Skip to main content

New Irish Poetry

Just a snippet of news in the form of my review of Barbara Smith's Kairos and Fred Johnston's The Oracle Room appearing on Eyewear.

Comments

Cailleach said…
Hey Ben, I read the review (with great nervousness!) and was interested in your take on Kairos - many thanks. All points of view noted.

How's the MA coming along? I'm finding the one in Belfast is really making me think far more critically about my own work and developing poetry at a much faster pace than I might have on my own bat. Some mighty fine poets up there as well!
Ben Wilkinson said…
Hi Barbara,

I'm glad you found my review interesting. I did enjoy Kairos, and I hope this comes across in my appraisal of the book. At the end of the day, they're just my humble opinions of course. But I do hope you found my perspective useful.

As for the MA, it's really great to be studying poetry with Maurice Riordan. As you say, I'm finding my poetry seems to be developing quite quickly, and I'm finding it easier to be braver in my approach and not stick so much to the old tried and tested tropes. Always good to try new things. And of course, it's also encouraging to be in a class with so many able, but also stylistically varied and differing writers. Who teaches on your MA?

Oh, and before I forget, glad to hear that copies of Kairos are selling fast :)

best,

B

Popular posts from this blog

Poetry in Motion

POETRY IN MOTION
Why one Reds supporter is committing his love for Liverpool FC to verse


Liverpool FC and poetry have a lot of previous – from John Toshack’s Gosh It’s Tosh collection in the late 70s, to the verse of Dave Kirby and Peter Etherington in the fanzine Red All Over the Land, to the lines written by poet laureate Carol Ann Duffy, a University of Liverpool graduate, in the aftermath of 2012’s Hillsborough findings. Now there’s Ben Wilkinson, Reds fan and book critic for The Guardian and the Times Literary Supplement, who’s compiling a series of poems commemorating the club’s legends. “Football is part of the fabric of life, and anything that’s important to people finds its way into poetry,” he says. “Wilfred Owen’s poem 'Disabled' describes a soldier who loses the use of his legs, meaning he can never play football again. Philip Larkin’s 'MCMXIV' compares boys queuing to join the army to fans outside Villa Park. These poems have stood the test of time because t…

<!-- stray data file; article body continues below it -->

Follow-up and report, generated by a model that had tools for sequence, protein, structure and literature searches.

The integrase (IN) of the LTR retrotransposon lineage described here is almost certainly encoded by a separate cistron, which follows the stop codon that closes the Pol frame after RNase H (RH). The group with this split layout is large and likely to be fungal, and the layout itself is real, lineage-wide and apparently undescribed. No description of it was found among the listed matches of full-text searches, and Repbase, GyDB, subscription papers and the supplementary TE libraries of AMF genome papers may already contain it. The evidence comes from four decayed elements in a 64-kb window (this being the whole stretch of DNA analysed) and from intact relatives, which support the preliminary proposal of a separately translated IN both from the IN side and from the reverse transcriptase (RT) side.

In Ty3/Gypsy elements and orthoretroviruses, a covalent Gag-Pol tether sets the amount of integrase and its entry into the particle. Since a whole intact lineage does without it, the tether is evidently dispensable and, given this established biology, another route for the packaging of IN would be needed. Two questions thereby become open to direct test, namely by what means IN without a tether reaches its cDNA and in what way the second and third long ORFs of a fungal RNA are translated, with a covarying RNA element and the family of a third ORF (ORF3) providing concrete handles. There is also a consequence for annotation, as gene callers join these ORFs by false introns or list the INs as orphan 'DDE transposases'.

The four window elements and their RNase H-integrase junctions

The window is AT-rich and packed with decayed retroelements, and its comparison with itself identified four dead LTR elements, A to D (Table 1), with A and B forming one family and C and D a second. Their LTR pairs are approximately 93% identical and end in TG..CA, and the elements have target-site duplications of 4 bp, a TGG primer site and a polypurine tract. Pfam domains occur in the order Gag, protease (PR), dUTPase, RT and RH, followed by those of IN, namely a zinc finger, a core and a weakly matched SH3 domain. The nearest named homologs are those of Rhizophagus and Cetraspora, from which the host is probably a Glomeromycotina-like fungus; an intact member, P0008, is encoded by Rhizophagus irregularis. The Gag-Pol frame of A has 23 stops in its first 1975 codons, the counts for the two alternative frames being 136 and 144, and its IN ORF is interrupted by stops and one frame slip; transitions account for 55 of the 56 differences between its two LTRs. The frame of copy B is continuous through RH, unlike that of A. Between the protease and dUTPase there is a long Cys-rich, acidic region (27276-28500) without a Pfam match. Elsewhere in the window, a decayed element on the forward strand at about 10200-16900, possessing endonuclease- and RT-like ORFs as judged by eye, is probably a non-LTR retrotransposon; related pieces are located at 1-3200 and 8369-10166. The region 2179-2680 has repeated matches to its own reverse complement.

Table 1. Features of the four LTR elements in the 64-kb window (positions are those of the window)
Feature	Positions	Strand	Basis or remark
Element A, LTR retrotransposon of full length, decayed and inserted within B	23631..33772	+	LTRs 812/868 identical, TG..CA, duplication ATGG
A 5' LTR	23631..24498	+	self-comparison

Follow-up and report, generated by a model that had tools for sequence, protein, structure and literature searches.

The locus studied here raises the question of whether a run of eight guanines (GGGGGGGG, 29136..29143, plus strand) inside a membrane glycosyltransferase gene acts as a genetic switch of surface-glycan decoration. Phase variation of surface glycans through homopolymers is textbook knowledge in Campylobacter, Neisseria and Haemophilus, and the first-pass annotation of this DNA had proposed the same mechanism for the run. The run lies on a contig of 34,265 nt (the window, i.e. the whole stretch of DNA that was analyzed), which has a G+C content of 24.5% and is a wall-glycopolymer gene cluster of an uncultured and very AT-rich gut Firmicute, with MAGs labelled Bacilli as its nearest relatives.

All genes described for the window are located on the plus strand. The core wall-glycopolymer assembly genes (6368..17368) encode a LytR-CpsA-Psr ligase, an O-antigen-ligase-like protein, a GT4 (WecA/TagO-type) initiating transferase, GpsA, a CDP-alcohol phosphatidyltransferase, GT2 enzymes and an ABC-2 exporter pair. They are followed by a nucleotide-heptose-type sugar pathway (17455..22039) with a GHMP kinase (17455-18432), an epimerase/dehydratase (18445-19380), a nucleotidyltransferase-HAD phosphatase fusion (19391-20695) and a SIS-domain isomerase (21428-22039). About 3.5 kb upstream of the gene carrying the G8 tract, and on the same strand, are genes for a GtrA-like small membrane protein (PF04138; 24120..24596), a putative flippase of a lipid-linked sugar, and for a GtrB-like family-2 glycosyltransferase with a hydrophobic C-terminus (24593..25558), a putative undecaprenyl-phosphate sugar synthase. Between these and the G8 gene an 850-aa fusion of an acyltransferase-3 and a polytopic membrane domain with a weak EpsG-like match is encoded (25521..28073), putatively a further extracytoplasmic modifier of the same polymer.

Way More Than Luck (Seren Books, 2018)

From the thumping heartbeat of the distance runner to the roar of football terraces across the decades, Ben Wilkinson’s debut confronts the struggles and passions that come to shape a life. Beginning with an interrogation of experiences of clinical depression and the redemptive power of art and running, the collection centres on a series of vivid character portraits, giving life to some of football's legends. By turns frank, comic, sinister and meditative – ‘the trouble with you, son, is that all your brains are in your head’ – these poems uncover the beautiful game’s magic and absurdity, hopes and disappointments, as striking metaphors for our everyday dramas. Elsewhere there are tender love poems, political satire and strange dream worlds, in an urgently lyrical book of poems that take many forms and modes of address: pantoum, sonnet, sestina; epistle, confession, dramatic monologue. All are united by a desire to speak with searching clarity about matters of the heart. Way More …

Way More Than Luck in The Poetry Review

Jade Cuttle gives her verdict on Way More Than Luck in the latest issue of The Poetry Review, in a critical essay that takes in two other debuts: Richard Scott's Soho and Zaffar Kunial's Us.

It's clear that the love of the beautiful game extends to Wilkinson's poetics, for he embraces a variety of forms and modes of address. From formally dexterous sonnets and sestinas, to epistles and endearing confessionalism, this is a book that likes to keep the reader's on their toes. Something Wilkinson does well is navigate the dark abyss of clinical depression [...] from "going about / the tedium that strings our lives / together: paperchain people, / baskets lined under strip-lights" ('To David Foster Wallace'), to shivering over a beige Cornish pasty, "ticking over / before some godforsaken motorway service station" ('You Must Be Joking'), there is tenderness and touching honesty to be found in the darker moments he describes. For this …